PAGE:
The most identifiable element in the architecture of Duke's West Campus is the local stone used for the original Gothic, and many of the new, campus buildings. Quarried from nearby Hillsborough, NC, the stone displays a rich palette of blues, grays, tans and rust colors that give the buildings a richness and warmth that otherwise would have been difficult to achieve. The stone has become increasingly expensive (costing the University over $400 per ton just to provide the material to masons) and has in recent years been used more sparingly in buildings in combination with the standard "Duke brick" blend, and effectively as a landscape element to provide consistency across West Campus.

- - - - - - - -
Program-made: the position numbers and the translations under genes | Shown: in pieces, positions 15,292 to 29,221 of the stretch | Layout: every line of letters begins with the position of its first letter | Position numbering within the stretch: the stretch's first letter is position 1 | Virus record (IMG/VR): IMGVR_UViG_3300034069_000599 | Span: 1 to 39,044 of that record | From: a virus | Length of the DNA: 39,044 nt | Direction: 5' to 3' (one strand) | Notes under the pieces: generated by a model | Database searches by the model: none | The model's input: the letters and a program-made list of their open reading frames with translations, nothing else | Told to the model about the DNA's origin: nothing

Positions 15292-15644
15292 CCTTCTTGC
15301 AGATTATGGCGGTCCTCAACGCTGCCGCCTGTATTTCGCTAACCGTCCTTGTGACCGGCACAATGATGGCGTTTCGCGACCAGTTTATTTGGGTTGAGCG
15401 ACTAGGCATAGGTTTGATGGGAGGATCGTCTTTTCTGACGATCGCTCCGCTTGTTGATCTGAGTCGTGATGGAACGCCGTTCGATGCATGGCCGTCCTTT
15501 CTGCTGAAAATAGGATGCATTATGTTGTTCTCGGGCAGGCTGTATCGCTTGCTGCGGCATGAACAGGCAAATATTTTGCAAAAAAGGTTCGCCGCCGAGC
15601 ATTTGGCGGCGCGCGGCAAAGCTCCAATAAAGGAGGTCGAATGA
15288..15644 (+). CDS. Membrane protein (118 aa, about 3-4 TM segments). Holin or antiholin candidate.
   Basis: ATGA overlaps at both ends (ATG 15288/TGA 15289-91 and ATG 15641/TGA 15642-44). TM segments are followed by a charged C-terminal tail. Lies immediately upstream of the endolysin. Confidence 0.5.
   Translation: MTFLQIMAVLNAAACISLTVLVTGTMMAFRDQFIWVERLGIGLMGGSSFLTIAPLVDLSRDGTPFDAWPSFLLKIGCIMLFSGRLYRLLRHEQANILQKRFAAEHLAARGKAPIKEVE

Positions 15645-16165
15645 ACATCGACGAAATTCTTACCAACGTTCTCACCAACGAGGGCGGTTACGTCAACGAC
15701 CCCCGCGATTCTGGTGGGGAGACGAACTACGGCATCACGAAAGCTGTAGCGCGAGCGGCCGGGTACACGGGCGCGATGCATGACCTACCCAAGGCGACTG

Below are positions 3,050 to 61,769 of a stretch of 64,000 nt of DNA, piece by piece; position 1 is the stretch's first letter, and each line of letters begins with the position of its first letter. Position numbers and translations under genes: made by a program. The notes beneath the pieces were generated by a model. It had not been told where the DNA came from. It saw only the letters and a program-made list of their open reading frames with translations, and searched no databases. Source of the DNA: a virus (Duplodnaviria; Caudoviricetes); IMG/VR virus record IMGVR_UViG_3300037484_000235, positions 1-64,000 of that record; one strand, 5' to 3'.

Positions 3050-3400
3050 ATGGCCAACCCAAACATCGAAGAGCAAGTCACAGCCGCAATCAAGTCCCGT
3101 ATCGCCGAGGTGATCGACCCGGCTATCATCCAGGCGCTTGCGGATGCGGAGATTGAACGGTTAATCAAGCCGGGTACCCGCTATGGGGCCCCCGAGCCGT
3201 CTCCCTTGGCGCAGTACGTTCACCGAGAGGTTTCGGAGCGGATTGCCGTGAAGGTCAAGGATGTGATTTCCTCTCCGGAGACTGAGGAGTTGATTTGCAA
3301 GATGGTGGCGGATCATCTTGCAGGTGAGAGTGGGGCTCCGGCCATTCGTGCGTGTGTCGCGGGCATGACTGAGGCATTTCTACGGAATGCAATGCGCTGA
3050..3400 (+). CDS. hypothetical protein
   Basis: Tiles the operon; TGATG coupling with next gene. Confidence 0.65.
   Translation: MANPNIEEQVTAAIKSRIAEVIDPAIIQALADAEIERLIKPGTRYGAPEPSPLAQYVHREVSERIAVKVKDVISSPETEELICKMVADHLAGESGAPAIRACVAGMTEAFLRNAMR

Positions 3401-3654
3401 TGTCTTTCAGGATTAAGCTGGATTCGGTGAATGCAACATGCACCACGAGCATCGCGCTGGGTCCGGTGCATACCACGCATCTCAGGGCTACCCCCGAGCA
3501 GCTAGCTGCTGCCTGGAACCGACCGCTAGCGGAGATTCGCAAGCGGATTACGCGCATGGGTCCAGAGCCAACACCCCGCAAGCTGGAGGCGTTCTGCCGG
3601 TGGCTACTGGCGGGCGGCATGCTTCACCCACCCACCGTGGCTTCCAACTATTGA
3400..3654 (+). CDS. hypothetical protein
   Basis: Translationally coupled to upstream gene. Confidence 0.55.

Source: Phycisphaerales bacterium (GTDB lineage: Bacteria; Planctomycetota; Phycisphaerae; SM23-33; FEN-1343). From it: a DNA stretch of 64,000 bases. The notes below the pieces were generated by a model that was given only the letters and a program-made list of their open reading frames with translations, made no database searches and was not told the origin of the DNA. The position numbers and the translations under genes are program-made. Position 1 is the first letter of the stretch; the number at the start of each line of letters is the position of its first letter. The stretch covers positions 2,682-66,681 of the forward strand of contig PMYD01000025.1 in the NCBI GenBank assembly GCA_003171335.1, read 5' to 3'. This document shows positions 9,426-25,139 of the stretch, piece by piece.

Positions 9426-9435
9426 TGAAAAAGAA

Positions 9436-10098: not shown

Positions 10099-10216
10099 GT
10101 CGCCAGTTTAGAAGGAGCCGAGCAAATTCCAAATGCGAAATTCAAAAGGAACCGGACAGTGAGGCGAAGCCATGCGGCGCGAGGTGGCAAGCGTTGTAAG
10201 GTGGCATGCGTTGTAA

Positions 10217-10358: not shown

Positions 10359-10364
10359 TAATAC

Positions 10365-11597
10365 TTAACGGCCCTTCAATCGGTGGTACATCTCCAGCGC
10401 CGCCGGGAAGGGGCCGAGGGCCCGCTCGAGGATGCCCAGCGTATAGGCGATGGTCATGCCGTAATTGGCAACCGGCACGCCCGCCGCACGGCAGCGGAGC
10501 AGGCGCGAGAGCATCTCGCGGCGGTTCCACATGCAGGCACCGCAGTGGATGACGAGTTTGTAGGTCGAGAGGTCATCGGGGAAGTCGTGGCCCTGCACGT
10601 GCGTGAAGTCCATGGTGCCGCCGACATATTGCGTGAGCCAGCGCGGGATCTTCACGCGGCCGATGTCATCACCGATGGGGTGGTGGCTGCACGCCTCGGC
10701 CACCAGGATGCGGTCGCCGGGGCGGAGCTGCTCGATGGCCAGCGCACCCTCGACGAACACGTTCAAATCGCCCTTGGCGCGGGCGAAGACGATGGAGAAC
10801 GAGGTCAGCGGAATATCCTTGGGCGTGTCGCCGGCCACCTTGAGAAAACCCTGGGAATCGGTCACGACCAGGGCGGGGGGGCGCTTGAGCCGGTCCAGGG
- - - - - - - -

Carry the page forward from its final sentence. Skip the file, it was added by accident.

While the joint work remains fairly consistent on Duke stone building walls, site walls display much more variety in how they are laid and capped, which adds interest while at the same establishing a consistent character across campus.
To learn more about the history of Duke stone visit the University Archives.